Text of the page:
Stop and slow down. That’s the No. 1 piece of advice from chief sales officers (CSOs) to their newly minted peers.
“We heard that advice time and time again during our many conversations with CSOs,” says Maria Boulden, Vice President, Executive Partner at Gartner. “They said they wish they had taken more time to be thoughtful and strategic in their planning when they first stepped into the role. As one sales head put it, you have to ‘go slow to go fast.’”
With the myriad of challenges, opportunities and targets a CSO has to deliver and an often-innate driver style, it’s really easy to be all speed and no vector. Too often, new leaders take on more than they can handle and commit to change before understanding the organization’s people, processes, politics and priorities.
The initial “honeymoon” period in sales is shorter than 100 days, but presents a high-leverage time to advance your agenda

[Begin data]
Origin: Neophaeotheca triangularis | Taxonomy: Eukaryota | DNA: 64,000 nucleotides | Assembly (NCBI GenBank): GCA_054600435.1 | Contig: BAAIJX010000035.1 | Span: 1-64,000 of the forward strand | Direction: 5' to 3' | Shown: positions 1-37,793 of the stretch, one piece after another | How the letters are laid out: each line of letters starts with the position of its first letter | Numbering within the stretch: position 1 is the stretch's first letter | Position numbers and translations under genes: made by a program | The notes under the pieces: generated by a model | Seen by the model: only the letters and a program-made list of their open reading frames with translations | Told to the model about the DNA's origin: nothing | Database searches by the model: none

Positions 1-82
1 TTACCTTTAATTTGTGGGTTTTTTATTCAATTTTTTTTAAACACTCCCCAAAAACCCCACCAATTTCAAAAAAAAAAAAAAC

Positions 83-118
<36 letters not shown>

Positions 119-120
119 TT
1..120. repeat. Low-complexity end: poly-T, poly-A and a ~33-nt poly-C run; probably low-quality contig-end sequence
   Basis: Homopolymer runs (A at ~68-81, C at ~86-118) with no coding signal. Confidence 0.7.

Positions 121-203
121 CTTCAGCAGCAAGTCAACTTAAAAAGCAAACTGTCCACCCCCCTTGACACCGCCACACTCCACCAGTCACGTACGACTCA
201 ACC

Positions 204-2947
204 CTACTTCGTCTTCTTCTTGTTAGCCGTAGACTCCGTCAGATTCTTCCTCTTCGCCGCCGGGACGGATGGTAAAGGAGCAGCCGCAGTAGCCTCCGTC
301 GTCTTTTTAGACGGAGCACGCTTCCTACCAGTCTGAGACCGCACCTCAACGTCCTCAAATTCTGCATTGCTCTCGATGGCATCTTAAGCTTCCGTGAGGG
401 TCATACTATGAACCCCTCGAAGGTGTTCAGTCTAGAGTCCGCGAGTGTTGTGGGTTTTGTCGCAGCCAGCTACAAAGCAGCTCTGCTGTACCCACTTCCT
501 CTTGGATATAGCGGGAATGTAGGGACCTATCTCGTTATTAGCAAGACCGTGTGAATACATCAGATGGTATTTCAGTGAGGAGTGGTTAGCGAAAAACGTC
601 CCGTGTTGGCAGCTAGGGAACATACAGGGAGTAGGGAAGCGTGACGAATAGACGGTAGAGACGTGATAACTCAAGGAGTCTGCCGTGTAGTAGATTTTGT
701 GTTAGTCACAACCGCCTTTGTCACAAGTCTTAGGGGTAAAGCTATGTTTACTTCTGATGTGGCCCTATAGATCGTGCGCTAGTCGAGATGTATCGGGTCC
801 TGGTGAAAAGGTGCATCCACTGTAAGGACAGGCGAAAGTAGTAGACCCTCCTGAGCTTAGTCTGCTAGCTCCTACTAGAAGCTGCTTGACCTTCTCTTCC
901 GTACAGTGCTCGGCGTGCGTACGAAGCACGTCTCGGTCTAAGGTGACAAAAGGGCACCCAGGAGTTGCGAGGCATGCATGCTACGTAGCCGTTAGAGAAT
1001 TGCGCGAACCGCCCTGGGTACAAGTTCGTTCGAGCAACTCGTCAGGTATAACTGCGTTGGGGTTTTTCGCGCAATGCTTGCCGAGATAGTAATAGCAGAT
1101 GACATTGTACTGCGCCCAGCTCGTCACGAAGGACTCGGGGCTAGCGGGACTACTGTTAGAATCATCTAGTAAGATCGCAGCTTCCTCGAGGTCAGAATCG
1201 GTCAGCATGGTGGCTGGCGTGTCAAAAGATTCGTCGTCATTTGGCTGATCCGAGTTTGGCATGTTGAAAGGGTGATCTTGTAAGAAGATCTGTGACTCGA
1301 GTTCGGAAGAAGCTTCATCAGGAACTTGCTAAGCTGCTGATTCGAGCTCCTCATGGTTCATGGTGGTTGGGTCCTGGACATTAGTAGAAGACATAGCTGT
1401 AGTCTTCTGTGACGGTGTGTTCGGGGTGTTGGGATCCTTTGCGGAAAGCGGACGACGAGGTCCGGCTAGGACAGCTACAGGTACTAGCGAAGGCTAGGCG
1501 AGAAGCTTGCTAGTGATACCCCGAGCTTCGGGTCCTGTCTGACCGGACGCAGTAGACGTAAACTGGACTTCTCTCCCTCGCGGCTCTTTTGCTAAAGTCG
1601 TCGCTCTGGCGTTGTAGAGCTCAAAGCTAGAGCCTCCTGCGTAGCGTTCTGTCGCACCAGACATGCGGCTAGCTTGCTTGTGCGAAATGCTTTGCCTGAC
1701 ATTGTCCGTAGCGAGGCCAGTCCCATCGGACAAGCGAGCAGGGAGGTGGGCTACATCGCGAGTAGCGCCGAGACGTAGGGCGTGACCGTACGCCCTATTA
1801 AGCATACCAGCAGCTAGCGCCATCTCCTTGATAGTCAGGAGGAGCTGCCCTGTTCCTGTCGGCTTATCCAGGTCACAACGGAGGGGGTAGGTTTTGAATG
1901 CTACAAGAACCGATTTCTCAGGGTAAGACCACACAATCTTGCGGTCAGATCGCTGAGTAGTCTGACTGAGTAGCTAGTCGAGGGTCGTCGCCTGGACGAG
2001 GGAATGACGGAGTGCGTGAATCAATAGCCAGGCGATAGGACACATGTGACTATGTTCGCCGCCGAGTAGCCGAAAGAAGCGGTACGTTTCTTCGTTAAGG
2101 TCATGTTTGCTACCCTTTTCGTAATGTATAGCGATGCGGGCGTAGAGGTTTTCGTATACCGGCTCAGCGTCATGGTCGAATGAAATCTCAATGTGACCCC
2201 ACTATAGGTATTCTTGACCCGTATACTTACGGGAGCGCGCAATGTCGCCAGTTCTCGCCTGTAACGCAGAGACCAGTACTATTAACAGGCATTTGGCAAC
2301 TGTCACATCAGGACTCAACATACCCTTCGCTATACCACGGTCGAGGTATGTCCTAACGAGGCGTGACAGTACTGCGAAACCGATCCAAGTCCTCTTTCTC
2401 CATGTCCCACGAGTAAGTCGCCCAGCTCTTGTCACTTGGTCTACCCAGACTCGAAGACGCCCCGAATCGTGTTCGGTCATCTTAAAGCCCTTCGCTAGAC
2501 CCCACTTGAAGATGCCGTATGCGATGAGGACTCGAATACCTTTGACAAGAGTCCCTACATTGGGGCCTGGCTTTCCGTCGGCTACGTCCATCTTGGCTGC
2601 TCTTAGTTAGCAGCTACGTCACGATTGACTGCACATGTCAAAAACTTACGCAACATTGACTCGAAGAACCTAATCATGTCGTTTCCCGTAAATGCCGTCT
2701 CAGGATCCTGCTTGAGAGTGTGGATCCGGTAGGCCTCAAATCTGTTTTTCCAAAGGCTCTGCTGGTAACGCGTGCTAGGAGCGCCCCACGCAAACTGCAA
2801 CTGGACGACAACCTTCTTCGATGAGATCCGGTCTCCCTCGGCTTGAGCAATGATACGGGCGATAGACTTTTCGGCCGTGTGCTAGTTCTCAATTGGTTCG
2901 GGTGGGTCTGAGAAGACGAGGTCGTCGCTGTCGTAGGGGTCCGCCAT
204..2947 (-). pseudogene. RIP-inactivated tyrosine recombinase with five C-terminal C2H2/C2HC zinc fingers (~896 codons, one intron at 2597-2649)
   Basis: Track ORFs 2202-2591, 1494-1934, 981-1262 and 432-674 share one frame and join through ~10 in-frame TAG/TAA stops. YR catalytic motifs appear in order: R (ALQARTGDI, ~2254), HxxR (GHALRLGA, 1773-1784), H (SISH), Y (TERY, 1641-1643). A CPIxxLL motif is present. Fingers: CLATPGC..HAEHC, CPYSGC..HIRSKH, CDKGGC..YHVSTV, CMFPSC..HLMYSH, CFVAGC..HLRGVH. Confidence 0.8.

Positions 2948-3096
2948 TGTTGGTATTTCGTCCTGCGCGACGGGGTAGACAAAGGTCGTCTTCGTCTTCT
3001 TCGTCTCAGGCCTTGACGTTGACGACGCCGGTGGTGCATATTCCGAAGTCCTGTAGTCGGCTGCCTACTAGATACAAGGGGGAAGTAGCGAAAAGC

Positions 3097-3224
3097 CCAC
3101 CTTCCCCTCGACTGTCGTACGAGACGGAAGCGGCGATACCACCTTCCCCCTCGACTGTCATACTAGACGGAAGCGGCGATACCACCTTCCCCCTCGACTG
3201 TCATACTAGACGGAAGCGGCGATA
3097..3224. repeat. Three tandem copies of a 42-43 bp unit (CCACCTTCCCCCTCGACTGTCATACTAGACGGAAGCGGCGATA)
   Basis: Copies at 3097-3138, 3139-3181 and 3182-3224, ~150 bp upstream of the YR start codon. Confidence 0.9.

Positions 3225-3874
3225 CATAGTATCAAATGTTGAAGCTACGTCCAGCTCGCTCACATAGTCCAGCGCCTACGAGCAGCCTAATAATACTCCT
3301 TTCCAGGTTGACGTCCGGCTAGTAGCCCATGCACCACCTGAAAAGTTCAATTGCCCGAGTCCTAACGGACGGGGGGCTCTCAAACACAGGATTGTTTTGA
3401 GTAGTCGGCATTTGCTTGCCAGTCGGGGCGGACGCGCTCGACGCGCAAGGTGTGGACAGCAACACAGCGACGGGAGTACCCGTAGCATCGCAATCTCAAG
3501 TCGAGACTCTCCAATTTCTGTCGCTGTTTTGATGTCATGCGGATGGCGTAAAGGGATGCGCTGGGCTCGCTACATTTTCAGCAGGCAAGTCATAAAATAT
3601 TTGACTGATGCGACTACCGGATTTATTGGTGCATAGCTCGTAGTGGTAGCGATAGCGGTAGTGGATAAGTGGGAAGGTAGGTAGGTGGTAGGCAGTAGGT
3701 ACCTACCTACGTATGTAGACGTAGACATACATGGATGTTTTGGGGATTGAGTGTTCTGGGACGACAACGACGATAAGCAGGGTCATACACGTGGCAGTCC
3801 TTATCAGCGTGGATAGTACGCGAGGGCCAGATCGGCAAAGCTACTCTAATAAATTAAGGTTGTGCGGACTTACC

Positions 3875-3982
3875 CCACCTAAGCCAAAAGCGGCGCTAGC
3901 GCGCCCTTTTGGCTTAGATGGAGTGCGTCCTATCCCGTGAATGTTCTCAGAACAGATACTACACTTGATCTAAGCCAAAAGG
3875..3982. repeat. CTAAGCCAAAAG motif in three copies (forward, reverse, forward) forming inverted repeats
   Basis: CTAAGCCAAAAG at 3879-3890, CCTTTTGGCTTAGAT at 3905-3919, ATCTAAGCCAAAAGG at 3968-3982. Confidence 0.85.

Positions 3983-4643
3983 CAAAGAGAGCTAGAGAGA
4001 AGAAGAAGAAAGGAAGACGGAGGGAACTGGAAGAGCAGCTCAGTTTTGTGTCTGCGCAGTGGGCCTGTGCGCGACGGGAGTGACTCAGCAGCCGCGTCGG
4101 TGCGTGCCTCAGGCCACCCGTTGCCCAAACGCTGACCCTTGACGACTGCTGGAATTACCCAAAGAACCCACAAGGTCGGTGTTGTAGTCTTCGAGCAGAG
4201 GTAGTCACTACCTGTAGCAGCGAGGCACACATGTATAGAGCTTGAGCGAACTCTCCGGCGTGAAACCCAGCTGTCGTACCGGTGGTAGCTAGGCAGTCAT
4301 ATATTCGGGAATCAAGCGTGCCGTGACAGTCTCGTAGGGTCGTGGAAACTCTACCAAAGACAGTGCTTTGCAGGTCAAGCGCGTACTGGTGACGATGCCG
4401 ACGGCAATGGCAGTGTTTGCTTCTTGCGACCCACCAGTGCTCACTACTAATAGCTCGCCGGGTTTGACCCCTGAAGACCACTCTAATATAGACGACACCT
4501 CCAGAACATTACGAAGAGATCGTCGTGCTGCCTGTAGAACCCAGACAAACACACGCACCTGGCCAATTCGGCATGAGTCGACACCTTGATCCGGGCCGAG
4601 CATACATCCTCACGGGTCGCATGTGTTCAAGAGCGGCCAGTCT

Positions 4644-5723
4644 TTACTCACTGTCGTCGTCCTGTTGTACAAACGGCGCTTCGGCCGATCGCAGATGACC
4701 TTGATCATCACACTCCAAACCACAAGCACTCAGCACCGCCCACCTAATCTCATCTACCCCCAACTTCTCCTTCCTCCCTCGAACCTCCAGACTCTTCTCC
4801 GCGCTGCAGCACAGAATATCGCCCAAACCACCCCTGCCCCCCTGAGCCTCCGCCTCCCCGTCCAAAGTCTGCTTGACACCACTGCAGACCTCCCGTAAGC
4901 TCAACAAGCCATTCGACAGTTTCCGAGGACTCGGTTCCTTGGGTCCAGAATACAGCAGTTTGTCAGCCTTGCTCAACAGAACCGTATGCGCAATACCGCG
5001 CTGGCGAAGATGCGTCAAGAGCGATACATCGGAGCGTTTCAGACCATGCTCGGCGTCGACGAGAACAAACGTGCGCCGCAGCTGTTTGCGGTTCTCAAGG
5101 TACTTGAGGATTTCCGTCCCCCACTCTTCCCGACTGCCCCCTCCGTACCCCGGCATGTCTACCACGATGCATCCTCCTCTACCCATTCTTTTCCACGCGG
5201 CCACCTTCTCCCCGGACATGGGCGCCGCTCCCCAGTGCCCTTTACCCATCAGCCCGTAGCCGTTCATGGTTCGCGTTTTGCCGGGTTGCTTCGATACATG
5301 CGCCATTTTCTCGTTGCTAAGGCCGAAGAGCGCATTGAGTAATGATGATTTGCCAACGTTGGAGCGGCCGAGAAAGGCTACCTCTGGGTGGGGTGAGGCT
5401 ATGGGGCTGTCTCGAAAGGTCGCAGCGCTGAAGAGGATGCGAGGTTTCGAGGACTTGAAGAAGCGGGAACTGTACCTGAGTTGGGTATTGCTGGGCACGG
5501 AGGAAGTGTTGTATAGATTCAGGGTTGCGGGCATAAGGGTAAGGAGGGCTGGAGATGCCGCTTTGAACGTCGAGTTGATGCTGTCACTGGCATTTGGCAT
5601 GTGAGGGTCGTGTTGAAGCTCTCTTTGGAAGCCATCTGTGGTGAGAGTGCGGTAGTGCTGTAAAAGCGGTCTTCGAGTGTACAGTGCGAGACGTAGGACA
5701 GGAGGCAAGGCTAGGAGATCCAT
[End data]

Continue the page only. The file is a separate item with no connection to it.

“Your first few months are critical. They set the tone for your tenure,” Boulden says. “It can be hard to rebuild trust and turn momentum back to positive if you start on the wrong foot.”
This is true whether you’re a first-time CSO or a seasoned sales executive joining a new organization. For a smooth and successful transition, follow these four steps during your first 100 days: Prepare, connect, assess and act on key transition issues.
Prepare to lead
As a new leader, the first 100 days are full of opportunities to make rushed mistakes with long-lasting performance implications. Instead, take this time as a great opportunity to learn about the organization, your peers, the commercial function, the products and your team. Decisions will certainly need to be made during this time. The world moves too fast to get a 3-month break from the commercial sprint. It’s how you make those decisions that will also set the pace for your leadership cadence and style.